MARYLAND'S OVERALL economic health is excellent. Job growth is above the national average, unemployment is below, and income and sales tax revenue has been outpacing expectations. Maryland has a rainy-day fund of $500 million; it is one of just seven states whose bonds are rated AAA. The improving economy and robust revenue figures have dampened some of the urgency in discussions of the state budget shortfalls. Initial projections of an $800 million deficit in the fiscal 2006 general fund budget of $12.1 billion have been scaled back; the current projection is for a $250 million deficit.

But Gov. Robert L. Ehrlich Jr. (R) is also right that Annapolis faces fiscal challenges. The state's future is one of ballooning deficits, largely the result of a sizable tax cut enacted in the late 1990s; soaring Medicaid costs; and a huge, long-term boost in spending on schools that was approved in 2002. According to the latest projections, even with the recent good news factored in, Maryland's general fund expenses of $13.8 billion in fiscal 2008 would exceed its revenue by $1.4 billion.

The governor and his aides have offered up slots as just the medicine for what ails Maryland's budget and warned of calamity should the state's House of Delegates continue to thwart the governor's will. Slots in Maryland started off as a means to rescue the state's struggling racetracks, morphed into a panacea for covering higher schools spending, and now it seems mainly to be a pawn in an intricate game of blame-shifting between Mr. Ehrlich and his supporters and rivals in the General Assembly. On Thursday, state Senate President Thomas V. Mike Miller Jr., a Democrat who supports slots, warned his own party that it will be blamed for draconian budget cuts unless it gets on board the Republican governor's slots bandwagon. Mr. Ehrlich must be delighted at this Democratic lurch toward fratricide.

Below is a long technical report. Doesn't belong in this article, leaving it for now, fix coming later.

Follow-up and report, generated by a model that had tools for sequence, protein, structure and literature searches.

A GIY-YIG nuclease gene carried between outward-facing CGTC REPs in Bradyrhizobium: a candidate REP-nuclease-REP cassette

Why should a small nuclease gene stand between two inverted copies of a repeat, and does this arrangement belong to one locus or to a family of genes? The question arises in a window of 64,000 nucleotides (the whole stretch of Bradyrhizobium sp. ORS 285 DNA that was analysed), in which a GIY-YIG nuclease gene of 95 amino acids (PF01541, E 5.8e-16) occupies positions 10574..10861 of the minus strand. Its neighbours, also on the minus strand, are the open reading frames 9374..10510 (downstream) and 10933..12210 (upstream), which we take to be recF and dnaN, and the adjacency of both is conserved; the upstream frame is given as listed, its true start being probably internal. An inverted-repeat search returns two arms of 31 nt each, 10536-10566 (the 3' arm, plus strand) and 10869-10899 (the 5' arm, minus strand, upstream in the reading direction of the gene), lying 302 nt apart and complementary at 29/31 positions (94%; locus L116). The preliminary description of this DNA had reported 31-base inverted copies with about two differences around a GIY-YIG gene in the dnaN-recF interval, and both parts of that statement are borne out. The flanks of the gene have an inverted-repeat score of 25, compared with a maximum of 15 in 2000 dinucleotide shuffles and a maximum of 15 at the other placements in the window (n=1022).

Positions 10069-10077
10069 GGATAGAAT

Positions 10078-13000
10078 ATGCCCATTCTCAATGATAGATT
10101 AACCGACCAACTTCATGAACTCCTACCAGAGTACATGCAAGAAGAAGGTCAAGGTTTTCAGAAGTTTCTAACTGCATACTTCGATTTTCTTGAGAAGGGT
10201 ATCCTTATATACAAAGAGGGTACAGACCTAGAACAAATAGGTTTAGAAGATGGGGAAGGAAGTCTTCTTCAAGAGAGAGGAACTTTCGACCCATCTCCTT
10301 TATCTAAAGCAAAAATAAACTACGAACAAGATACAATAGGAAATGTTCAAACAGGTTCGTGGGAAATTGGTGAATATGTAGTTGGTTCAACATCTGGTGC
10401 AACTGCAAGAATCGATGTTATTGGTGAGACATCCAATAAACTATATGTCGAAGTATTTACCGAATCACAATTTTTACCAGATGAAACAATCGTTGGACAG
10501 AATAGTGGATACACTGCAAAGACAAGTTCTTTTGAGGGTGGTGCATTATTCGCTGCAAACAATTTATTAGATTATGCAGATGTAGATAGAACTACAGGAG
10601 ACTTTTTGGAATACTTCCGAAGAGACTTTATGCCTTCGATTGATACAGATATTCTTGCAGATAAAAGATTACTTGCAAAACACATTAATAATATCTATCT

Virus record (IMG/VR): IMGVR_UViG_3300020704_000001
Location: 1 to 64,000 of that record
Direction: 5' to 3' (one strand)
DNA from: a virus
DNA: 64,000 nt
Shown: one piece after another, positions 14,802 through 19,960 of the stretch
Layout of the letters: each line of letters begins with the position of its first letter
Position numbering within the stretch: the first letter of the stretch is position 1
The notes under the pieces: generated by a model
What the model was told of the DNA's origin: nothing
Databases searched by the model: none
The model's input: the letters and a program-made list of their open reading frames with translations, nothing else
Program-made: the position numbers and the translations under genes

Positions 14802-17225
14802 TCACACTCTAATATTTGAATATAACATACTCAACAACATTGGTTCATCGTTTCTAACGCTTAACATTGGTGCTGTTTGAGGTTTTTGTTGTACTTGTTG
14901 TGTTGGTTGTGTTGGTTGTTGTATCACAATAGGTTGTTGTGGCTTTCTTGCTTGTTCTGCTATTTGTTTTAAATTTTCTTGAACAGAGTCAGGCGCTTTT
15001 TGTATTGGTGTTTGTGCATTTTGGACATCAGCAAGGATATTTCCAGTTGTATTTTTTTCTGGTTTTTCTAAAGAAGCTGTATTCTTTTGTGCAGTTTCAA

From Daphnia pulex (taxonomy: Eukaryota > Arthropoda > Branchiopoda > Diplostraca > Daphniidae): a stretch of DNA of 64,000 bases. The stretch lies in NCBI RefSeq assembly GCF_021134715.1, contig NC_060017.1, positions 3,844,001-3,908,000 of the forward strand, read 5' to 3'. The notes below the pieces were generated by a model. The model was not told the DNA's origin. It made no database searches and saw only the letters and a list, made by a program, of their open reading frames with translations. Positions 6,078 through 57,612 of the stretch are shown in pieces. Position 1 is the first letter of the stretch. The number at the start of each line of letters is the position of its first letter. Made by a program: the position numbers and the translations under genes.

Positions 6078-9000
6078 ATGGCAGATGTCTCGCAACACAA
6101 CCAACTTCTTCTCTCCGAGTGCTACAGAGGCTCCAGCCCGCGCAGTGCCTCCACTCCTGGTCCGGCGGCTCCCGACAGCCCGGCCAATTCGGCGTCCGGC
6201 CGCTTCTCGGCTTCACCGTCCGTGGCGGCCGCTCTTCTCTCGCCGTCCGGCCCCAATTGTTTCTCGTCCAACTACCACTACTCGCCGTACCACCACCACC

Throughout, we have opposed slots because of their likely cost in crime, corruption, seediness and social problems. But a hard look at the relief promised by slots suggests they may not be the panacea Mr. Ehrlich would have Marylanders believe. His prediction that slots would yield $900 million in annual revenue seems like wishful thinking. More sober estimates, including some from independent experts, range closer to $600 million to $700 million, and those figures predate the tougher competitive climate for gambling ushered in by neighboring Pennsylvania's recent decision to authorize tens of thousands of slot machines. When revenue from 15,000 slot machines falls short of projections, will Mr. Ehrlich then plead for 30,000?

The governor has done a good job of trimming state outlays, and he vows further cuts in the future. But he has ruled out higher taxes to cover the projected deficit, arguing that Maryland is already a high-tax state. In fact, it is not. According to the nonprofit Tax Foundation, Maryland's combined state and local tax burden, measured as a percentage of income, ranked 24th among the states this year, down from 16th in 1984. Like plenty of other states, Maryland does face a budget shortfall and hard choices. But there is every reason to look skeptically on the idea that slots are a cure-all, and to remain open to alternative forms of new revenue.